It’s veeeeery long. This is the eleventh story of mine they’ve bought, and only two of which have been published (although a third is slated for January). I’ve got one story which is going on over a year since it was accepted that hasn’t been slated for an issue yet. I’d be twitching, but honestly, they’re very upfront about the lead time and they’re such a fantastic market. I do wish they paid on acceptance instead of publication, though, as I could use the money now, but yeah, long lead time.

  9. That is the Cutest. Skunk. Ever.

    Our fluffy cat has a tail like Hobkin’s, and she won’t let us brush her either. She always gives me a dirty look like I’m trying to play a trick on her.

    • Eugie Foster says:

      Hobkin hisses at me and runs when I try to groom him. And when I can manage to get a few brush strokes in (usually by chasing after him and hanging onto his tail by one hand), he huffs and growls at me. You’d think he’d like it, the silly beastie.

  10. raecarson says:

    Yay!!!!! Congrats, Eugie!!!!

    (and cuddles to Hobkin)

  11. Anonymous says:

    Ah, [sighs with relief]. Got my Hobkin fix. Very nice, lush garden, btw. Must be nice to live where water falls from the sky.

    I wonder if Clicker Training* works with skunks? Lots of animal trainers use it for critters like ferrets and cats. Works wonders with Nikolaij. Thanks to the click, I can do all sorts of unpleasant things to him. V. helpful since at 1100 pounds, he can protest mightily.

    (*It’s a very humane method. Wouldn’t think of using anything hurty on my horse.)

    Anyway, Hobkin looks handsome, shedding or not.

    Pat Kirby

    • Eugie Foster says:

      I’m familiar with clicker training (and yes, I’m a huge fan of the method). I actually tried it with our ferrets, but it was too awkward constantly having the clicker in hand. I trained them to come running to a squeaky toy, though. ‘Course Hobkin comes to his name, already, but he ignores squeaks.

  12. Anonymous says:

    Oops. Oh and congrats on the sale!

    Pat K.

  13. jim0052 says:

    Congratulations on the sale! I had a story in Cicada last year (Was Once a Beauty) and loved the illustrations. But, good heavens, woman, you’ve made eleven sales to their magazine group? You are the One.

    • Eugie Foster says:

      Thanks! Yep, my first sale was to Cicada in 2001, and since then I’ve made nine sales to Cricket and one to Spider. I’m just totally overjoyed that they’re so receptive to my stuff. They put out a gorgeous bunch of magazines and are fabulous to work with–not to mention their pay rate is awesome!

  14. kittymel says:

    Beautiful fruit and flowers – I haven’t seen a hosta bloom before – my mother’s never did anyway. Cute skunk too.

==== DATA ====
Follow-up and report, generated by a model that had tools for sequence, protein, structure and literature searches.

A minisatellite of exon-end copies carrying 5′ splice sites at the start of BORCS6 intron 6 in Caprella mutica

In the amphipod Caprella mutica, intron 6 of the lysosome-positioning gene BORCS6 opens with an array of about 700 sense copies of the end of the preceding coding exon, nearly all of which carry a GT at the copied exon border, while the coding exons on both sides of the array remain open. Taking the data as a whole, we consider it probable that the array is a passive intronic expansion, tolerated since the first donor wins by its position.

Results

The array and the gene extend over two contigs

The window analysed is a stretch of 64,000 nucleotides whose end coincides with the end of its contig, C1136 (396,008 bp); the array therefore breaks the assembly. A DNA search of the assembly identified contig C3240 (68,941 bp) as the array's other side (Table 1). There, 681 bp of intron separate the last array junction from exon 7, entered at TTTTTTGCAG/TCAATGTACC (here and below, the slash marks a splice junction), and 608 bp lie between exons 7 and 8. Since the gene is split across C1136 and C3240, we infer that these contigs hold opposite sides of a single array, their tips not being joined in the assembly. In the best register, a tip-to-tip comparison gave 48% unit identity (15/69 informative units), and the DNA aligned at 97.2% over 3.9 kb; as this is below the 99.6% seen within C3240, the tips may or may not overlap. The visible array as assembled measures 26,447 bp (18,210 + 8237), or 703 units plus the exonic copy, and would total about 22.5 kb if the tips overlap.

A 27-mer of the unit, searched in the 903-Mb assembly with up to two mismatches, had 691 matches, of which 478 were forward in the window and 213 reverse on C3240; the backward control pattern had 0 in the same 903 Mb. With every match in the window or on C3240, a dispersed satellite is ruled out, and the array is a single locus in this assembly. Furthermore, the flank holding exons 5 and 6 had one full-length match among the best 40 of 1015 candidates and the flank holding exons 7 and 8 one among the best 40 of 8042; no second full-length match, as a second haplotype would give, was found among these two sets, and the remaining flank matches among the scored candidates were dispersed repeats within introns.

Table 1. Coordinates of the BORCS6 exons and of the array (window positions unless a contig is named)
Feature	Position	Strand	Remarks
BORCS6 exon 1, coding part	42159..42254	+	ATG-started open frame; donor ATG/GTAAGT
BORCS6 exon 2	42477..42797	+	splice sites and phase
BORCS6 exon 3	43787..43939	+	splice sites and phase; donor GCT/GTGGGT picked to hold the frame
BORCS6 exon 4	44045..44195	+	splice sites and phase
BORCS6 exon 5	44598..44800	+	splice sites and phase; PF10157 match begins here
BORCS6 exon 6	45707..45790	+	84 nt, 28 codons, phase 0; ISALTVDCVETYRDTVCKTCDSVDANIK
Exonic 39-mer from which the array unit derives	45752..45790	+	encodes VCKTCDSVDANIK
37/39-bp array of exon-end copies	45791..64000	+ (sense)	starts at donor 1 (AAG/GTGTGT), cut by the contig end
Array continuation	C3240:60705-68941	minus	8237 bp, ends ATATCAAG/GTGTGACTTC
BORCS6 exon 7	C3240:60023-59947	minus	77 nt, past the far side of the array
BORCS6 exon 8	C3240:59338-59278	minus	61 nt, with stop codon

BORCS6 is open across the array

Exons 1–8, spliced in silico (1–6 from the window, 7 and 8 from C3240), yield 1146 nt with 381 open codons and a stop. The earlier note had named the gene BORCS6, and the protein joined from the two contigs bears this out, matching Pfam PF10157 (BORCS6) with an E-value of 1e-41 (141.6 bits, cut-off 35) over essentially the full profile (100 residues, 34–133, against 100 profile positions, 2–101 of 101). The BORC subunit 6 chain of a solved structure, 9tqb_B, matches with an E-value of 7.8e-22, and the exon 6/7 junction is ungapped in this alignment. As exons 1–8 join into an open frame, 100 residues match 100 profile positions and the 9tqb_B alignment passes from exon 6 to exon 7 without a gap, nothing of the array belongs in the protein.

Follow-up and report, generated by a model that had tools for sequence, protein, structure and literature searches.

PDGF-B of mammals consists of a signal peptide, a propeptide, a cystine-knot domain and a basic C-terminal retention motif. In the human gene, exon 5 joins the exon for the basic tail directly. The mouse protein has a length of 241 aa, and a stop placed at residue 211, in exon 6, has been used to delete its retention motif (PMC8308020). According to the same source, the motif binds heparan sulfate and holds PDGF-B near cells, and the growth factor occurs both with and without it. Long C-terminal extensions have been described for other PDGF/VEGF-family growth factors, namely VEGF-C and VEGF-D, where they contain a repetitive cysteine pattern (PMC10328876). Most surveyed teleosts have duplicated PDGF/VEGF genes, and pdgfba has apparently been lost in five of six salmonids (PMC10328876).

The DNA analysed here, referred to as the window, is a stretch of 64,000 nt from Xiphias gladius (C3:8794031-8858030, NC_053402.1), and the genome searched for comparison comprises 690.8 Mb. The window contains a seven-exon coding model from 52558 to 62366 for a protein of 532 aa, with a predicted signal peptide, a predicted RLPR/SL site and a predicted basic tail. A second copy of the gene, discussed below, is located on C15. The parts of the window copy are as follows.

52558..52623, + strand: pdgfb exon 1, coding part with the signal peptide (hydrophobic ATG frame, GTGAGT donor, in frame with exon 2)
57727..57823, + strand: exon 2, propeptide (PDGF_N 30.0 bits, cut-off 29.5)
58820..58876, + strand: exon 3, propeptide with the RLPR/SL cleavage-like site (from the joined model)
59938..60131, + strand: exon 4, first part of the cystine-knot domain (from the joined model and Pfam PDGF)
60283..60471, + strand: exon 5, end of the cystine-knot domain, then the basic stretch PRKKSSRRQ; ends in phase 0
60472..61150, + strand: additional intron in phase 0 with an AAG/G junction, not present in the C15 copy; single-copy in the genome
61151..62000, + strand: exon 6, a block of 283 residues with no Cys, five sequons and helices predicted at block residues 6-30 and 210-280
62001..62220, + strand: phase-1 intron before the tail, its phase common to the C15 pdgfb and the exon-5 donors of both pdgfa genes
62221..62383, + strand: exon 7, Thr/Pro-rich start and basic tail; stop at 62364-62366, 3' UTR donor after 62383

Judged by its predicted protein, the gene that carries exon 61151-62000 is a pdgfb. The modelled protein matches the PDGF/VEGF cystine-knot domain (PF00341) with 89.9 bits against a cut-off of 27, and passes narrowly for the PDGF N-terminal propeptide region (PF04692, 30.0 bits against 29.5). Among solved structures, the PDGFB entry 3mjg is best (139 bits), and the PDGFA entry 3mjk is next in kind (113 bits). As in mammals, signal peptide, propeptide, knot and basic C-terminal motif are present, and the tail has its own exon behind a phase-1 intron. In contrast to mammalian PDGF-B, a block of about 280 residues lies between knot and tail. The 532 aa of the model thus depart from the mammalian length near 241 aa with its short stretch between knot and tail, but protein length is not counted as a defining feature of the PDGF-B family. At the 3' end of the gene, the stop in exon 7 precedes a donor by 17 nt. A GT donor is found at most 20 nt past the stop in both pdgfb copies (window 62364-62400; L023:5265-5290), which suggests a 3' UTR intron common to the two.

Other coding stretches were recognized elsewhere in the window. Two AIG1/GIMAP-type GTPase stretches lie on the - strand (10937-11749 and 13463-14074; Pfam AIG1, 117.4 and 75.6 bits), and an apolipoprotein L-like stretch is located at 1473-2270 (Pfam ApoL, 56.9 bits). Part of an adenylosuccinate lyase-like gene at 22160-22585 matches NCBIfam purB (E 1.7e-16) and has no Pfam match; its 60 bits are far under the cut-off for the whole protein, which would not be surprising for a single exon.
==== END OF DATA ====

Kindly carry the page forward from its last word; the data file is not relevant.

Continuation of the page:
Way to go on the good writing news too!

  15. Congratulations! That’s awesome! :-D

    I love the skunk and backyard photos too. :-)

  16. wistling says:

    Congrats on the sale!

    June definitely is a good month for me, too. Let’s hope July’s even better for everyone.

    How do you manage to keep your stories short? I seem to have a problem writing things under 5000 words.

    • Eugie Foster says:

      Thanks!

      How do you manage to keep your stories short? I seem to have a problem writing things under 5000 words.

      I felt like that for a while too. Then I wrote a couple 2K-word folktales, and it was like flexing a new muscle. Wrote some flash stories after that. I’m pretty comfy with the length spectrum from short stories to novelettes now. I just can’t seem to finish anything novel-length. (And I’d just as soon not get comfy writing novellas ’cause the nightmare of selling those–thank you no.)

  17. skeletal504 says:

    oh em gee

    i love blackberries!

  18. whirl_twirl says:

    My grandmother was immune to poison ivy and used to pull it up with her bare hands. She never understood what all the fuss was about. There’s a story in the family about the time she told her gardener to set fire to a pile of it, and the smoke sent him to the hospital…he survived, luckily.

    • Eugie Foster says:

      There are people immune to poison ivy? Whoa. I didn’t know that. That’s a good gene to have in your family.

      • whirl_twirl says:

        Yep. She never reacted to it. I’ve been hiking in or near the stuff many times and haven’t gotten a reaction, yet. Not sure if I’ve just been careful, lucky, or have that gene, but I still don’t take any chances if I see it.

        Congrats on the sale and your backyard’s fruitfulness!

  19. I love those luscious blueberries!!!!!

    Hobkin is so ADORABLE. He looks CUTE scratching…